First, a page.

why is this a good thing?  well i’ve already mentioned that it gets the ama out of our kitchens, bedrooms, and bathrooms, but another benefit to this situation is that it forces people to take the quest for knowledge into their own hands.  it becomes the responsibility of the populace (not the lofty privilege of the doctor) to know what herbs have what effects and why.  it becomes our responsibility to learn how to heal ourselves.  one of my teachers susun weed once said that herbal medicine is people’s medicine—and that couldn’t  be more true.  if we want to use herbs, we either have to learn about them or we have to support the endeavors of those in our community who want to become herbal practitioners.   as a herbal practitioner in training, there’s nothing that i love more than providing a product to a client, telling them why/how it works, and then showing them how they can make their own.  perhaps this is bad business, but i’m not a businesswoman—i’m a healer.

long story short—when you see those empty labels, don’t get frustrated; get a book!  my next post will be about where you can get an herbal education—there are plenty of great resources out there that will tell you more than a label ever could.

so back to tinctures.  i’d like to tell you both how to make them and where to buy them.  its always fun to make your own products, but honestly, this is one that i almost always buy.  you really need fresh plant material to make them (though you can use dried), you have to know when in the year to harvest the plant, and you have to know where you can find it wild.  homemade tinctures are something i do for fun—when i happen upon a plant that i’d like to tincture, i do it; when i need something acutely though, i always buy.

(wordpress is being a butt and won’t embed a video for some reason, so click the link below to see one of my teachers make a motherwort tincture.)



fresh plant material (leaves, berries, flowers, etc. depending on what you’re making; roots and barks can be dried)

80-100 proof vodka (or brandy if you’re making a tummy recipe because it’s gentler)

pint jar


step 1.  shake any dirt or six-legged wayfarers off of your herb.  you may want to coarsely chop it, but this isn’t really necessary.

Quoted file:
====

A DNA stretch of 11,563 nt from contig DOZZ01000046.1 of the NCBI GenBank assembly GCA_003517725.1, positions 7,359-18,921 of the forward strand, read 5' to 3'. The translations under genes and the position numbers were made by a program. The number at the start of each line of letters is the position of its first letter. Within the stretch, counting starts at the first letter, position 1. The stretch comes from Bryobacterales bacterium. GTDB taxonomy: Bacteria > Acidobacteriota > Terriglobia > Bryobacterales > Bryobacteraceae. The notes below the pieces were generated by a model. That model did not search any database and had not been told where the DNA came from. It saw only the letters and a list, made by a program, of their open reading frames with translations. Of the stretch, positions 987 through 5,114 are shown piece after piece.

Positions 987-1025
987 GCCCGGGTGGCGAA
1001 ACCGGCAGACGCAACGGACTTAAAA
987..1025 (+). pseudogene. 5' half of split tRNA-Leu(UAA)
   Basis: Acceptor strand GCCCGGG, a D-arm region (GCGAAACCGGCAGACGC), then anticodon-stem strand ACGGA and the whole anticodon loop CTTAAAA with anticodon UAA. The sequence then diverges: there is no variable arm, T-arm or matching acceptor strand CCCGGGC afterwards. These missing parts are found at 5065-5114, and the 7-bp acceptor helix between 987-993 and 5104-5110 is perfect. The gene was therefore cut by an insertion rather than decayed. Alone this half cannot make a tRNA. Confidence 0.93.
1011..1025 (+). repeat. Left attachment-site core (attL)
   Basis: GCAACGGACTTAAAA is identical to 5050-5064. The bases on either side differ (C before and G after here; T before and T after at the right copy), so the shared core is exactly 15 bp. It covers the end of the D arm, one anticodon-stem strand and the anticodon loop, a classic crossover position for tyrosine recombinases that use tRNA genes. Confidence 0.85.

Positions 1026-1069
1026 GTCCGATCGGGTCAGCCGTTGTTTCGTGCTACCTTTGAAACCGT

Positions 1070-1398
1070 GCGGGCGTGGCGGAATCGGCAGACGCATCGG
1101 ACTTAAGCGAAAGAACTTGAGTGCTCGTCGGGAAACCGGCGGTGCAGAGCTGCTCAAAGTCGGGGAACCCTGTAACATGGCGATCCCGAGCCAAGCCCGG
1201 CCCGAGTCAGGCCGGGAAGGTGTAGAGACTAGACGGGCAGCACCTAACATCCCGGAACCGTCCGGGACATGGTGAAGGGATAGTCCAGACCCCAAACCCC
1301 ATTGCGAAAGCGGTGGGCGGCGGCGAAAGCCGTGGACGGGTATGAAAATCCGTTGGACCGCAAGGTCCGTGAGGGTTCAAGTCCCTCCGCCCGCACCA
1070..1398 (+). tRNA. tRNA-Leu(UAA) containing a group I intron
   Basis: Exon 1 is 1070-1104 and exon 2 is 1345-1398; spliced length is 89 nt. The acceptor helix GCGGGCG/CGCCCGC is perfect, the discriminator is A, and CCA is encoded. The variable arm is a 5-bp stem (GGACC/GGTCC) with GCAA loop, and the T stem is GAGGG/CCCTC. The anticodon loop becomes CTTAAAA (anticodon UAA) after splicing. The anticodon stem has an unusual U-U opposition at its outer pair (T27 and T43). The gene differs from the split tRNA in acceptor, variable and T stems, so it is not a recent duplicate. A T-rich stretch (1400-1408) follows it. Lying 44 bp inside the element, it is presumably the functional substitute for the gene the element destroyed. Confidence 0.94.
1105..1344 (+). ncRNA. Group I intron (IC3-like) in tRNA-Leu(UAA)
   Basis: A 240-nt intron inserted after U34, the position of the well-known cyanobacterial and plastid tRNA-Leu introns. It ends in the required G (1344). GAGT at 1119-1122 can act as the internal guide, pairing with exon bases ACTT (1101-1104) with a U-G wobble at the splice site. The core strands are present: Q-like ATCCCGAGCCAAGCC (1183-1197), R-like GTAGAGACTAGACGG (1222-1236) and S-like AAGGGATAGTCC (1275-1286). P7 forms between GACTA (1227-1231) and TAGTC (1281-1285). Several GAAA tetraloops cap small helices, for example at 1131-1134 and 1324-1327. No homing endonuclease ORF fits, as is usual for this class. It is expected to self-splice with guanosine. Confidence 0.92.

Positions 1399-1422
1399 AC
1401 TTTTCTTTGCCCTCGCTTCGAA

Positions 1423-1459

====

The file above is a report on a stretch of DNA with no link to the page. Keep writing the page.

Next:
step 2.  loosely pack your jar full of fresh plant material.  if you’re using dried, only fill it halfway or your jar will burst.

step 3.  fill your jar all the way to the top with alcohol.  if you’re using dried material, the plant will soak it up and expand.

step 4.  stir well or poke with a chopstick to be sure that all of the air bubbles have risen to the top.  air=mold.

step 5.  put the lid on your jar and label it.  seriously—label it.  i can’t count the times that i’ve said, “eh, i’ll remember what it is” and then have forgotten what in the heck it was.  put the plant’s botanical (latin) name, the proof and type of alcohol used, and the date made.  put labels on lids because sometimes not even a dishwasher will get them off of jars.

step 6.  every day for a week, give your tincture a few gentle shakes and then poke all of the air bubbles to the top again.

step 7.  let your tincture infuse in a cool dark place for at least 5 more weeks.  don’t shake or stir.

step 8.  using a strainer and cheesecloth, strain the plant material out of your tincture, giving it a really good squeeze to release all of the goodies.  make sure you label your new jar.  this should stay good for about a decade.

so there it is.   nothing to it.  the hard part is finding the plant material if you don’t have your own garden or window box to grow it in.  for that reason, i would like to make a few suggestions about where to buy your tinctures.

coyote moon tinctures!

coyote moon herb company—this is by far my favorite company.  it’s run be a great lady named theresa finkbeiner who lives and teaches in pensacola, florida.  she travels around harvesting her own herbs, dries them for the journey, and then makes her tinctures with the freshly harvested material.  i’ve never tried anything as potent, and the prices are insanely low!

red moon herbs—this company is run by a fantastic woman named corinna wood and is based out of ashville, north carolina.  red moon grows their own herbs and they really produce a superior product.  the company is part of an intentional community called earthaven ecovillage, so they’re a good small business to support.

red moon tinctures!

mountain rose herbs—these guys and gals offer a mind-blowingly long list of tinctures made from organically grown and ethically wildcrafted herbs.  i rarely buy from them because i have the opportunity to buy in person from coyote moon and red moon every october at the southeast women’s herbal conference, but that in no way reflects upon the product—just my personal convenience.  good stuff, as always.

herbs etc. and herb pharm—if you’re in an health food store, these are probably the two brands that you’ll see.  i’ve used them both and like them just fine, but i prefer to support small-scale operations when i have the chance.

so now you know where to buy—we should move on to what to buy.   the selection is endless, but you can rest easy knowing that, barring experimentation or a really specific recommendation from an herbalist, there are only a couple of these tinctures that are essential to have.  your list may differ from mine, but off the top of my head, here’s my list of tinctures that everyone should know.  i’ve given botanical names as well because some plants have multiple names and some names describe multiple plants.  botanical names are always a sure thing.